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dc.contributor.advisorBrook, Clodaghen
dc.contributor.authorLeopardi, Elisabettaen
dc.date.accessioned2021-06-09T08:05:04Z
dc.date.available2021-06-09T08:05:04Z
dc.date.issued2021en
dc.date.submitted2021en
dc.identifier.citationLeopardi, Elisabetta, The Morbid Subject: A New Morphology for Analysis of the Phenomenon of Metamorphosis in Literature, Trinity College Dublin.School of Lang, Lit. & Cultural Studies, 2021en
dc.identifier.otherYen
dc.identifier.urihttp://hdl.handle.net/2262/96547
dc.descriptionAPPROVEDen
dc.description.abstract"The Morbid Subject: A New Morphology for Analysis of the Phenomenon of Metamorphosis in Literature" is the author s attempt to formulate a cohesive and structured morphology for the phenomenon of metamorphosis as it appears in fiction. The study begins by establishing what is considered a proper (or genuine ) metamorphosis and the basic characteristics any transformation of this kind must exhibit to be deemed as such. Although academic work on this subject has been published at an almost epidemic frequency and scholarly interest has been described as bordering on morbidity, the nature of this phenomenon is still a matter of debate, plagued by unresolved disputes, misinterpretations, and arbitrary positions. The Introduction to this thesis aims to settle those issues before moving onto the formulation of a morphology. The morphology developed in this thesis is based on the initial postulation that any entity subjected to metamorphosis possesses three dimensions: a substance, a physical form, and a sensorial dimension. The choice of terminology and a concise overview of the three dimensions will be related in Chapter Two. Because each dimension can be metamorphically transformed, one of the aims of this study is to challenge the belief that metamorphosis exclusively entails a mutation in an entity s body. On the contrary, substantial and sensorial metamorphoses exist and are relevant forms of metamorphosis participating in the phenomenon. In Chapter Three, each dimension and its variables will be introduced and analysed individually. Variables are the features contained in a dimension; in other words, the attributes directly impacted by the transformation. The quantity and quality of these variables strictly depend on the dimension they belong to, and the ontological status of the entity involved (i.e., whether it is an object/inanimate matter or a sentient being). Each dimension may be affected by metamorphosis either totally or partially. When the metamorphosis alters the dimension totally, the whole dimension is transformed, meaning that all its variables are changed into something else. Conversely, when the metamorphosis is partial, only one or a number (but never all) of the dimension s variables are affected. After establishing the nature of the three dimensions and how their variables may be transformed, the last morphological step aims to formulate and enumerate the total number of theoretically possible forms of metamorphosis derived from a simple arithmetical calculus. By combining and re-combining the three dimensions and the extent to which each dimension may transform (or not transform) in the equation, it is possible to obtain a total of twenty-seven combinations, each corresponding to one expression/form of metamorphosis. Chapter Four will also focus on applying the morphology to fictional works by classifying individual episodes of metamorphosis into one of the twenty-seven modalities (combinations) of metamorphosis. Operating with a limited quantity of novels, novellas, short stories, and tales, for a total of one hundred and fifty-one metamorphoses examined, the success of the morphology will be measured on the number of combinations that appropriately fit those examples. The higher the number of combinations tracked in the literature selected for this dissertation, the higher the degree of the theory s legitimacy. The criteria selection for the texts used in the application stage was based on the popularity of these works in previous studies published on metamorphosis, provided that the metamorphosis discussed is a proper metamorphosis.en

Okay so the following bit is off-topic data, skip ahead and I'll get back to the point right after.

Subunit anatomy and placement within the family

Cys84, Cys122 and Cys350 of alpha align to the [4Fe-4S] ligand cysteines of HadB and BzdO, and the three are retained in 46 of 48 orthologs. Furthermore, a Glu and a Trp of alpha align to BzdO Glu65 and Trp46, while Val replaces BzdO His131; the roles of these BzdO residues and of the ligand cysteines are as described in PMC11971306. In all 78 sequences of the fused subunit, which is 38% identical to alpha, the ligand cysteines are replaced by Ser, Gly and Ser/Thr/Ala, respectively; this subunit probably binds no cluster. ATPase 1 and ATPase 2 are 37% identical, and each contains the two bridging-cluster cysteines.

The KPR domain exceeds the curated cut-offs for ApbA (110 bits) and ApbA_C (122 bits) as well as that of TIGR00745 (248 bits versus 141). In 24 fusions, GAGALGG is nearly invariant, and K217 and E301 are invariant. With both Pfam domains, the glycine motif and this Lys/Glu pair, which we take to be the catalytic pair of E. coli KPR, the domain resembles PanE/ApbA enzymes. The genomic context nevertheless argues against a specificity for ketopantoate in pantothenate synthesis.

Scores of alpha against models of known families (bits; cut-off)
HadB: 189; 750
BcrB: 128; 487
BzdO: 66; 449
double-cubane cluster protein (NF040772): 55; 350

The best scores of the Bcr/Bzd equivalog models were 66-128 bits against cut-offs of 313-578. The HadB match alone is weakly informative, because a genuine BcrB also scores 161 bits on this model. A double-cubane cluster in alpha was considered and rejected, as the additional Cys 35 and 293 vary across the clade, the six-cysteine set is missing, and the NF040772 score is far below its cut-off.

dc.publisherTrinity College Dublin. School of Lang, Lit. & Cultural Studies. Discipline of Germanen
dc.rightsYen
dc.subjectMetamorphosisen
dc.subjectMorphologyen
dc.subjectComparative Literatureen
dc.titleThe Morbid Subject: A New Morphology for Analysis of the Phenomenon of Metamorphosis in Literatureen
dc.typeThesisen
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dc.type.supercollectionthesis_dissertationsen
dc.type.supercollectionrefereed_publicationsen
dc.type.qualificationlevelDoctoralen
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dc.identifier.rssinternalid231120en
dc.rights.ecaccessrightsopenAccess


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